I started drawing seriously about fifteen years ago when I simply decided to try and sketch something I saw on a magazine cover. I picked up a pencil and paper, started sketching and the result wasn’t terrible, so I stuck with it. I soon became fascinated with pen and ink techniques and styles. I am partially color- blind so the black and white, pen and ink format has been a good fit for me. I have picked up a few books over the years, but have mostly developed my methods through trial and error. I continue to learn with each drawing, and often spend time just "doodling" with no particular objective other than to learn new tricks and techniques.
I work full time as a plastic engineer and draw purely as a hobby. I have drawn "commission" work for friends and family, but have done them simply for the fun of it, without compensation. I have tried to avoid turning a pleasurable pastime into "work".
I travel in my work, and find that I can take this pastime with me wherever I go. I work on it on planes (not recommended during takes off, landing, or heavy turbulence), in motel rooms, while waiting in airports, waiting for appointments, in my easy chair at home, just about anywhere. I often work in my den at home while "listening" to TV. One of the great things about working in pen and ink is that it is hassle-free and doesn’t require a lot of complicated or expensive equipment. A reasonably good quality drawing pad (I use a good grade of smooth surface bristol board) and a few (or even one) drawing pens is all you need. You can actually carry everything you need in a small brief case (or even a pocket) and will have invested less than $10.00.
Tools and Techniques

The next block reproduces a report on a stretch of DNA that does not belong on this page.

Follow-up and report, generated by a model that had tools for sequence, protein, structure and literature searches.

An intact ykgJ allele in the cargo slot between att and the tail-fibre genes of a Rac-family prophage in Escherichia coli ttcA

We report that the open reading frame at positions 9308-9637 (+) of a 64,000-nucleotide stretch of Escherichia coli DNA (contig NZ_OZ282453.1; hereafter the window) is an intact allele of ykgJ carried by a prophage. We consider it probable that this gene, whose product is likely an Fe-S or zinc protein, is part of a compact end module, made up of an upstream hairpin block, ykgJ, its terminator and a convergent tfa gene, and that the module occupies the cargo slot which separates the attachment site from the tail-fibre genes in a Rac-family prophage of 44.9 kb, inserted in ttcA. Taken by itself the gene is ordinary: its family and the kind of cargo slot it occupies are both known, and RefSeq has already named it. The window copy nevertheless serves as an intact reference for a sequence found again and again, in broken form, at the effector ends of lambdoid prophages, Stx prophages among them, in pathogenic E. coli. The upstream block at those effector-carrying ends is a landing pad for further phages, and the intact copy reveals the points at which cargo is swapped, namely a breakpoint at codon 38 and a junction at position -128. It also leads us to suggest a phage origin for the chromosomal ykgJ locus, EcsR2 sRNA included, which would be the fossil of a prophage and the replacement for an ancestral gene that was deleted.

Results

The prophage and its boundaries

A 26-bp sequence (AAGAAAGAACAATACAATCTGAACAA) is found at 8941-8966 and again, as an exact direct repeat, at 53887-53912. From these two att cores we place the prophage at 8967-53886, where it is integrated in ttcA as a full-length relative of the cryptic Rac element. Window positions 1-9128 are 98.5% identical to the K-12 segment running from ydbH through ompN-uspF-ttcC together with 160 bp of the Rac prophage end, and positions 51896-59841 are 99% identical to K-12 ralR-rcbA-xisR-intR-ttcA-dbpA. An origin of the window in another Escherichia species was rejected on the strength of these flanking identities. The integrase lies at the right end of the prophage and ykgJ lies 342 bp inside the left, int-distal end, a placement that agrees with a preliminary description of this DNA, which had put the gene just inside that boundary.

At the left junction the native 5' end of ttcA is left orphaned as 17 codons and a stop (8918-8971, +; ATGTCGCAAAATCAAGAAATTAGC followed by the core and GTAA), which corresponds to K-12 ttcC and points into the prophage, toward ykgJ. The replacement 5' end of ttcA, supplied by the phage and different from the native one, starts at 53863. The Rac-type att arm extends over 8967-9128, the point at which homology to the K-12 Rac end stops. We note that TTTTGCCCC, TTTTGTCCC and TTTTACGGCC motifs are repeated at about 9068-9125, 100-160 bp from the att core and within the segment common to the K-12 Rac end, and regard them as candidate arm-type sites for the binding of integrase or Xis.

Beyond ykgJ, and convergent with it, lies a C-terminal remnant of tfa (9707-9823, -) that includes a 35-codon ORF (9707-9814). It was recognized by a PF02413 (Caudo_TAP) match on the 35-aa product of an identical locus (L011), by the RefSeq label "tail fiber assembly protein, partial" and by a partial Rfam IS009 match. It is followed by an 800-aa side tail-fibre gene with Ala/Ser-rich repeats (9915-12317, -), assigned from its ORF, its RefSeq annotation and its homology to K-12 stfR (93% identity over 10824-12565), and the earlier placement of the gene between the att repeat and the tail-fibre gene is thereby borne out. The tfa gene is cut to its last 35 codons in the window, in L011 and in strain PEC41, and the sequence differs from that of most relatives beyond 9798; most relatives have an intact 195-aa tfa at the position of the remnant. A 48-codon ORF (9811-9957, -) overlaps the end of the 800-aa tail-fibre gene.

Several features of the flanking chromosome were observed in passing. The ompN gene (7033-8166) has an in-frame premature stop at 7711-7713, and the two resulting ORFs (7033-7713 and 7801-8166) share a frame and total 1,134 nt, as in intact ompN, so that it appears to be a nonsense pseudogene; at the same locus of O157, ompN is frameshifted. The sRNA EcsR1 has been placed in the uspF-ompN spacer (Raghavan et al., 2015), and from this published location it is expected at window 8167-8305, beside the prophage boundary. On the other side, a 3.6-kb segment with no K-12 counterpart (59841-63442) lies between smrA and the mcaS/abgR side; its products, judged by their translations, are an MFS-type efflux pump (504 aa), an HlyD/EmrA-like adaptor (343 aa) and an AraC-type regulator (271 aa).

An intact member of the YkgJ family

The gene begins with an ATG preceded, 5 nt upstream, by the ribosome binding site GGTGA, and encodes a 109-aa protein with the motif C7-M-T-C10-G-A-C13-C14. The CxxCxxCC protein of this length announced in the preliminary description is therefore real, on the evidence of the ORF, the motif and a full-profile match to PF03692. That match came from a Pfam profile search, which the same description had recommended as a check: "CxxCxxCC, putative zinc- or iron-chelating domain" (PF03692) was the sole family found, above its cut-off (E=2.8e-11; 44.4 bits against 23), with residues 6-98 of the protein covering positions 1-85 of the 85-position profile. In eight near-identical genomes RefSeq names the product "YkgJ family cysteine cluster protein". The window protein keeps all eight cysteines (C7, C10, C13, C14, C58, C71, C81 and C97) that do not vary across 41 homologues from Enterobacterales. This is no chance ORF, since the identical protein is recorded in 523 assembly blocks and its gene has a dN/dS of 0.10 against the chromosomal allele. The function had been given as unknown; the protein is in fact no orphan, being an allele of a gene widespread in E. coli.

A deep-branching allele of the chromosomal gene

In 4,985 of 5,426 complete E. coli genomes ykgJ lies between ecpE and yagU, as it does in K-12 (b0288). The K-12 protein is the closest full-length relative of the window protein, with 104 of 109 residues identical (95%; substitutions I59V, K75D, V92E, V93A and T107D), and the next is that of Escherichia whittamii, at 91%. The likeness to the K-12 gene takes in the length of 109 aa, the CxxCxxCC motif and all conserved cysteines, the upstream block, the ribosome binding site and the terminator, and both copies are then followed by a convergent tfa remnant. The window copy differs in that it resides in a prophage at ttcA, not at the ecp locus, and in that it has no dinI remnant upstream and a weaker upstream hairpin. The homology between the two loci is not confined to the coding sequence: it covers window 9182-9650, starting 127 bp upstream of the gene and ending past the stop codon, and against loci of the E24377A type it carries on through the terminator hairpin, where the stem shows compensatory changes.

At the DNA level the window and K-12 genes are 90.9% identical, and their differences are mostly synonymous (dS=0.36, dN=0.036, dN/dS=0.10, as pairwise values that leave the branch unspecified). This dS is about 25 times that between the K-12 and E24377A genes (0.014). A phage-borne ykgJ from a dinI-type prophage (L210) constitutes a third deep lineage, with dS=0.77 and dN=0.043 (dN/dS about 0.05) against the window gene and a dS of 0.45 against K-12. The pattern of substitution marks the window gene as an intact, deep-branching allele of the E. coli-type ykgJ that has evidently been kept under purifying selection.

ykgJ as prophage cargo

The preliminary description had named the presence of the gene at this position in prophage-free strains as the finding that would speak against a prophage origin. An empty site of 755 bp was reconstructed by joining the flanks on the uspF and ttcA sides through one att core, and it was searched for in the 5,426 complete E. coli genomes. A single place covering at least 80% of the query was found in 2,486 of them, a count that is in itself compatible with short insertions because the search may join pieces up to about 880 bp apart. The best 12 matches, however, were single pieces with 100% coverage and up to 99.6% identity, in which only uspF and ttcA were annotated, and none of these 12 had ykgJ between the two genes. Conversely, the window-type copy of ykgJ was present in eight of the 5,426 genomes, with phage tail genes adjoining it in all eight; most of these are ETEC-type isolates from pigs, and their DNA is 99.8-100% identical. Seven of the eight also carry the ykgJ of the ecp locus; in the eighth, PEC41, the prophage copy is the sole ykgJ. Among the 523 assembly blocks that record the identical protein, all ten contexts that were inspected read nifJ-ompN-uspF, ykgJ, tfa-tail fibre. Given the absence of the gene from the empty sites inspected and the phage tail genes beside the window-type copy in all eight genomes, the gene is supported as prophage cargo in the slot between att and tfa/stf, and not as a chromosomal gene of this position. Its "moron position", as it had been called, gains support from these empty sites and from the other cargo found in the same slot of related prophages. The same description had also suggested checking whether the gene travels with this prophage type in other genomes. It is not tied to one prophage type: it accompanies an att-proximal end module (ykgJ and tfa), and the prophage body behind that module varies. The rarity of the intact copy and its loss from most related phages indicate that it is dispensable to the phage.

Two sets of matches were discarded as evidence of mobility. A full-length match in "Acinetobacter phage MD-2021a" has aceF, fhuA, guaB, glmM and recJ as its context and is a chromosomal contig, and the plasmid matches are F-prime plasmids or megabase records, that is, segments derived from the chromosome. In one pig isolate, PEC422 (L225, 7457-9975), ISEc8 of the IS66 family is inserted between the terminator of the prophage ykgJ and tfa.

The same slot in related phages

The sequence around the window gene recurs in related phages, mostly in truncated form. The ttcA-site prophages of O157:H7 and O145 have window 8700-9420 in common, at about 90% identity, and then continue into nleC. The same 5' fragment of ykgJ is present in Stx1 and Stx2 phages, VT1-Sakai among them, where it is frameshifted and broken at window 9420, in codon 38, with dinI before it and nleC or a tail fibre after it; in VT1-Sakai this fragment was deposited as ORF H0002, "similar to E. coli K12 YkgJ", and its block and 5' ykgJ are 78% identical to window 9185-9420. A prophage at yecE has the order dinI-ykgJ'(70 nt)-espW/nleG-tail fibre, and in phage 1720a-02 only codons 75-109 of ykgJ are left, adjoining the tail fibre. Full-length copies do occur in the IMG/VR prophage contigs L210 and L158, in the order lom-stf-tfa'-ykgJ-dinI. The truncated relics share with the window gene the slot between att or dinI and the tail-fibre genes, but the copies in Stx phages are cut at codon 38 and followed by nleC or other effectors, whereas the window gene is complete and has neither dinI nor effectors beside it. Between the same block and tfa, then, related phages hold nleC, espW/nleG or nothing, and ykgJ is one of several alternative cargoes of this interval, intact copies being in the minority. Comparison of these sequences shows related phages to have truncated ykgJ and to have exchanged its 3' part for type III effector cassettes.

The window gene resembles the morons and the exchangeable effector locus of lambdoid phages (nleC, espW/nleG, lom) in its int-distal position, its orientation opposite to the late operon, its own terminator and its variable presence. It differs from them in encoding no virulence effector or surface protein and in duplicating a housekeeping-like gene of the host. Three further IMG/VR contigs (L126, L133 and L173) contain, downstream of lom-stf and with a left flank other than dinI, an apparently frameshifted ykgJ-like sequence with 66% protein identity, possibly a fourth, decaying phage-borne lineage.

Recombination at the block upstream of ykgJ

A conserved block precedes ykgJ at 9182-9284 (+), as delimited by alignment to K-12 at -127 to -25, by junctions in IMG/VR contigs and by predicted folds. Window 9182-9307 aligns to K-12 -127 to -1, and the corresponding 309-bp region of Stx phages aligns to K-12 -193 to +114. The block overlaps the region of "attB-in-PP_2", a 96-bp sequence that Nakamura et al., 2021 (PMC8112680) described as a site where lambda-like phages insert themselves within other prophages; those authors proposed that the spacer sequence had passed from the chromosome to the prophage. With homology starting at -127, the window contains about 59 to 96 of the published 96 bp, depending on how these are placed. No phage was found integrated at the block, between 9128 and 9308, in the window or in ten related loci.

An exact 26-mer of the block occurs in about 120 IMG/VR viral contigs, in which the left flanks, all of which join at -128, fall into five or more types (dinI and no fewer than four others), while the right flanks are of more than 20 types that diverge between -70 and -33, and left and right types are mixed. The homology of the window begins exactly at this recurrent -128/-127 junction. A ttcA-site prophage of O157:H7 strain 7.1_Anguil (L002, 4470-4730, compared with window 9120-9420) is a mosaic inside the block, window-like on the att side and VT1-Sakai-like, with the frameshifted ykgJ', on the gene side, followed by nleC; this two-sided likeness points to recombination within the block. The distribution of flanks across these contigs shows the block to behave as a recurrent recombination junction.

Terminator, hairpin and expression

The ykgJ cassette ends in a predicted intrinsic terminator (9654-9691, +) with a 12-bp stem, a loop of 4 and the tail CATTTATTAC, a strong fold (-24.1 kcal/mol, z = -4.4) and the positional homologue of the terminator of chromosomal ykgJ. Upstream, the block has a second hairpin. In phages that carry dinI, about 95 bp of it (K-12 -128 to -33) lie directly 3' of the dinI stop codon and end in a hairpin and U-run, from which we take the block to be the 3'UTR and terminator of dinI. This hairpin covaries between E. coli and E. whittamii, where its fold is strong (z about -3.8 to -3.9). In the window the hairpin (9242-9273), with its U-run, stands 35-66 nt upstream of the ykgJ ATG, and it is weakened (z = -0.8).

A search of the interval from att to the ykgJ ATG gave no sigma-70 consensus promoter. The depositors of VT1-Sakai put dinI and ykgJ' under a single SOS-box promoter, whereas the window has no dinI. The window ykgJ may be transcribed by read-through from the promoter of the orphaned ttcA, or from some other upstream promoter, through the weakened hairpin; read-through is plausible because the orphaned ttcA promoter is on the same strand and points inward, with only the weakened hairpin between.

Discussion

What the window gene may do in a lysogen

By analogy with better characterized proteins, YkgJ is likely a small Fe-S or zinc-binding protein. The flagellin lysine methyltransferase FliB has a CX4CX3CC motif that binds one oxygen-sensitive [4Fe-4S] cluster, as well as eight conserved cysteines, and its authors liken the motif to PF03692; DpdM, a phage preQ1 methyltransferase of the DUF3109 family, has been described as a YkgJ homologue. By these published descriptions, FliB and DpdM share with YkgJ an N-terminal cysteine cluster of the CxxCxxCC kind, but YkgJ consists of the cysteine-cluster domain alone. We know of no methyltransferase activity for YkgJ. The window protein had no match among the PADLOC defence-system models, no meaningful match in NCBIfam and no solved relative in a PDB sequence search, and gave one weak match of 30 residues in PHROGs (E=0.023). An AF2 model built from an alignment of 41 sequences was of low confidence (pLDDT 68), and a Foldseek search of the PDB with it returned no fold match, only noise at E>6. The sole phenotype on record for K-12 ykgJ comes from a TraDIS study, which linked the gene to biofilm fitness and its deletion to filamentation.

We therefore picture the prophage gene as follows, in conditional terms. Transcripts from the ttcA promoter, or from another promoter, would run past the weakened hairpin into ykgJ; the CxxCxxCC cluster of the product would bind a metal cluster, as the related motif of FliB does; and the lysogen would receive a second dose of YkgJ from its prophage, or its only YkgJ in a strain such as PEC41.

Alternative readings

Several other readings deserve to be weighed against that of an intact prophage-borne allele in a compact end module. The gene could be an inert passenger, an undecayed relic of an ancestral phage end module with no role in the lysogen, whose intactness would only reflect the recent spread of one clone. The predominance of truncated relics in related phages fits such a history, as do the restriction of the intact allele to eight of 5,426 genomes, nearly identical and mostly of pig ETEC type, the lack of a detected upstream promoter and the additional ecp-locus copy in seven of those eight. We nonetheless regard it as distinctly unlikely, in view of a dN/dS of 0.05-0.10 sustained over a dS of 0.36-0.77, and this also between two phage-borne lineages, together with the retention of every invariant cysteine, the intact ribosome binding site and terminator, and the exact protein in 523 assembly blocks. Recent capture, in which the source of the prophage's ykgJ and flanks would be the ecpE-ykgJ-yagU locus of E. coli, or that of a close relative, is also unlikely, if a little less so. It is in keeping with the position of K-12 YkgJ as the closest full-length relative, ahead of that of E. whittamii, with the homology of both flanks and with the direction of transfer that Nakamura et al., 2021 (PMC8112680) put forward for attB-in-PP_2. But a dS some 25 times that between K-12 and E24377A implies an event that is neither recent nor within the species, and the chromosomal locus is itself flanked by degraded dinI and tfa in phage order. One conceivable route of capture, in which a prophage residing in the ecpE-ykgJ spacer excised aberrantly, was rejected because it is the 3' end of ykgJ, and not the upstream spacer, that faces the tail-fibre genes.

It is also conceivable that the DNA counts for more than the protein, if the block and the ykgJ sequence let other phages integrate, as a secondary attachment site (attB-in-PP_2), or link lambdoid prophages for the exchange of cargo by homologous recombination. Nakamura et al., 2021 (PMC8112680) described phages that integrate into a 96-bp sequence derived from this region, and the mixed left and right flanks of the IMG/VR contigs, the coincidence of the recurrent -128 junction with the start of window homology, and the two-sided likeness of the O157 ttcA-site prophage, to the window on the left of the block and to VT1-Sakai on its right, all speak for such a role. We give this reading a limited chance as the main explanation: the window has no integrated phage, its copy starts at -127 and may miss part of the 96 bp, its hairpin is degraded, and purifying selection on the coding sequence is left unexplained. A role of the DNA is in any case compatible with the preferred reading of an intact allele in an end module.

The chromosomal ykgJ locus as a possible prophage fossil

Being self-taught, I have learned through trial and error, browsing through books, and through the study of other artist’s work. Because of this continuous learning approach, I have tried various media and pens over the years, but have never found anything that works as well for me as the Micron pen series from Sakura on smooth bristol. I have tried similar pens, as well as the expensive (and very messy) "technical" drawing pens and various ballpoints. I prefer the Micron pens because they give a consistent dense line, are inexpensive, and they provide consistent very fine lines and stipple detail. They are easy to use, require no messy cleaning or filling, they go anywhere with ease, and are readily available. I have drawings that are over fifteen years old that look as good today as they did when I finished them. These pens will write forever, and will usually become lost or worn out before they run out of ink.
I do not specialize in any particular subject matter; I’ll try about anything. I particularly enjoy old buildings, barns, churches, various animals, and in some cases, people. I strive for realism in my drawings, and usually work in great detail. I’ll start from a light pencil sketch, usually done from a photo. I’ll always try to pick out the most critical area, and start there (usually the eyes with people or animals). I will continue to work the various tones and shades up very carefully until finished. As I work, I will set the drawing up where I can look at it from a distance, often placing it somewhere where I will tend to look at it in passing. This way I can get a better perspective of the overall appearance and impressions when viewing "at a glance". When the overall image and tonal quality suit me, I will touch up each area using a magnifying glass to achieve consistent tone and density.
Because of the great detail I work in, I use the 005 Micron pen almost exclusively. I will occasionally use a larger nib size or even the brush tip for larger dark areas and then blend in the borders of the dark area with gradually decreasing tip sizes. In general, however, I find that a consistent line or dot size throughout the work gives a more pleasing and realistic overall image. I will usually use the 005 size, building up darker areas very gradually until the overall shade or tone is right. At times, I will use the brush pen to apply ink to a small artist's brush, and then shade in large areas using a "dry brush" technique. The thought of working in permanent ink seems scary (if you mess up, you can’t erase it), but by working slowly and carefully, there is seldom an error that cannot be corrected.
I will consider all requests for prints, originals, or commission work. I can be reached via email at email@example.com To see Joe Edward’s artwork, go to http://home.att.net/~edwards.j.l/wsb/html/view.cgi-image.html--logo.html